It claimed that under a land policy scheme with World Bank assistance, landless peasant families in the Vavuniya District had been picked by the Government Agent for settlement in 500 acres of virgin forest at Pavatkulam, but was unable to proceed because of encroachers sponsored by the Gandhiyam. The aim of the stated operation was clearly to establish a Sin- halese settlement using World Bank funds. It was barely two months after the communal violence and Tamil allotees, if any, were not going to take up land in the mixed area south of Vavuniya under the supervision of the armed forces they did not trust. Gamini Dissanayake was minister of lands and Mahaveli develop- ment, and what’s more, the second-in-command at JOSSOP was D.J. Bandaragoda, Additional Secretary, Mahaveli Development!
Bandaragoda had been the ideal Govern- ment Agent for Trincomalee from the point of view of the Sinhalese State, who used every sub- terfuge to push Sinhalese settlement. The cam- paign against the Gandhiyam through the Press was first orchestrated by the Government 10 months earlier, during the one-sided Referen- dum campaign, on 28th November 1982 (see Sect. 8.2). Mr. R. Sampanthan, MP, found it sin- ister enough to contact Jayewardene immedi- ately. The reference to the Gandhiyam in the Press report cited (Island 7.10.83) was symptom- atic of sick minds that had lost any sense of pro- portion. It said at the end:
“The activities of the Gandhiyam move- ment and its leaders in Vavuniya and other parts of the Eastern Province are now the sub- ject matter of investigations by the CID and ISD. Some of its leaders are already in cus- tody while some escaped recently after the Batticaloa jail break.”
The fact was that Gandhiyam was finished. Its offices were sealed on 6th April 1983. Of the two leaders arrested, Rajasundaram was mur- dered and the ‘some’ who escaped was in fact one – A. David. Those whom the Gandhiyam had looked after now faced the tender mercies of the JOSSOP. The talk of investigation by the CID and ISD was only a threat to those who might come forward to continue Gandhiyam’s work. The nasty things regularly being said about Rajasundaram did not strike those say- ing them as utterly indecent and unfair to a self- less and dedicated man whom their agents had murdered without giving him a chance to ex- plain himself in court. Living in this state of mind was to see ghosts, as with the alacrity with which the chiefs of the Mahaveli Authority in the wake of the anti-Tamil violence of July, took steps against imagined organised hordes of Tamils occupying lands they had designated for Sinhalese colonisation.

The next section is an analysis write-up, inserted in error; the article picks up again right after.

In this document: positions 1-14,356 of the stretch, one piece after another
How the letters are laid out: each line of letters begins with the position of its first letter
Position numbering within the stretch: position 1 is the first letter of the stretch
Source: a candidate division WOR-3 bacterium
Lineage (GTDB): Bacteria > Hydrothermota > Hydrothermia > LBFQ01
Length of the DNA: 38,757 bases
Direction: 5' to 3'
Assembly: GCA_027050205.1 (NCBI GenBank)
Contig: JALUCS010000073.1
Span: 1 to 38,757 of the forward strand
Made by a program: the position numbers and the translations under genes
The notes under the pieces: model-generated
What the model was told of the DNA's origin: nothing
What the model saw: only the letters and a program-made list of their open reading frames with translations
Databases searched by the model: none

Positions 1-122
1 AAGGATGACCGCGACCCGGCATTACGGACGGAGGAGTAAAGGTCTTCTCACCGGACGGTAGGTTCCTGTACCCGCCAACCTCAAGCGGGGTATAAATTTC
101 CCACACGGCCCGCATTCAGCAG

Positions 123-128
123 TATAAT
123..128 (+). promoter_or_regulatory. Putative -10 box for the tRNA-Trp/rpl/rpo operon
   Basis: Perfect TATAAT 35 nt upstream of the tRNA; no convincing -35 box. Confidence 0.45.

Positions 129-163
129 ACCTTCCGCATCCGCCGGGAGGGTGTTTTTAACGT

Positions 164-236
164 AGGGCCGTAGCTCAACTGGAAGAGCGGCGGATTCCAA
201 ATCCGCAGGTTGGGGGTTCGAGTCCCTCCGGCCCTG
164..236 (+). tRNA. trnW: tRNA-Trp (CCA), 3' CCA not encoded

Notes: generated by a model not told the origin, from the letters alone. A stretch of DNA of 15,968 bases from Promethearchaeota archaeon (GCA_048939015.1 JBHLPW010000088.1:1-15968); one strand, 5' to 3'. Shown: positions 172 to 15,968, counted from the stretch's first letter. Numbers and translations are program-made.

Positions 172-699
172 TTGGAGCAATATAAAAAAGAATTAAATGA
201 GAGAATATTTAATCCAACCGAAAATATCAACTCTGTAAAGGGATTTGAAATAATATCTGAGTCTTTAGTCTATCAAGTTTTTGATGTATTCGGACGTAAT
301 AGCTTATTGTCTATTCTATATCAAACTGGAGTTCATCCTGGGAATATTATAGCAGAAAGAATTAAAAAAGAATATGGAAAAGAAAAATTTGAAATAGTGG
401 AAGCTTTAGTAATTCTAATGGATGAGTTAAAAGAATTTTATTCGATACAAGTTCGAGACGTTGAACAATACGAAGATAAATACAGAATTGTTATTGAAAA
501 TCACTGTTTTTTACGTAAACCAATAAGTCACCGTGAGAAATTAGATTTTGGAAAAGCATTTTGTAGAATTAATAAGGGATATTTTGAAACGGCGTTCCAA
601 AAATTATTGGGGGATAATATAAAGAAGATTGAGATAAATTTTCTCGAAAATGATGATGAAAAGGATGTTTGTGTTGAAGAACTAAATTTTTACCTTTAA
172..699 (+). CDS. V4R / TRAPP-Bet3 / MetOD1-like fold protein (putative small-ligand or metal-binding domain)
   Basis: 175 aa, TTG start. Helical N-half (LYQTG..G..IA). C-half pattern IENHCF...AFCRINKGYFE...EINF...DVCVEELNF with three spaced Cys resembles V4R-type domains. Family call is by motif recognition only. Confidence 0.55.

The cause of the JOSSOP however required talking the Gandhiyam to life and attributing to it all kinds of fantastic actions in order to play on Sinhalese fears. This created a climate of self-justifying repression and a blind escalation of the conflict. With every step the Government was suspending the democratic means to right- ing a wrong. About this time, thanks to the 6th Amendment, nearly all the parliamentary rep- resentatives of the Tamils had lost their seats in Parliament, making thus a symbolic break. By the end of 1983, except for those most discern- ing about the consequences of big-power in- volvement, nearly all the Tamils were happy about India’s support for the Tamil militant groups. The Government’s simple-minded ar- rogance had carried relations with India to breaking point.
Talking up organised hordes of Tamils en- croaching on borderlands with Gandhiyam help was to be the stuff of orchestrated campaigns during those times. The use of foreign aid to es- tablish militarised Sinhalese settlements became an issue with the publication of Viktor Ostrovsky’s book (see Sect. 20.5). This was pi- ously denied. But that was part of the game. We saw above an indication of how World Bank money was to be used. Not long before, the Mahadivulwewa settlement had been estab- lished in the Trincomalee District using subterfuge to circumvent Tamil protest. The money involved came from the European Union.
To be continued..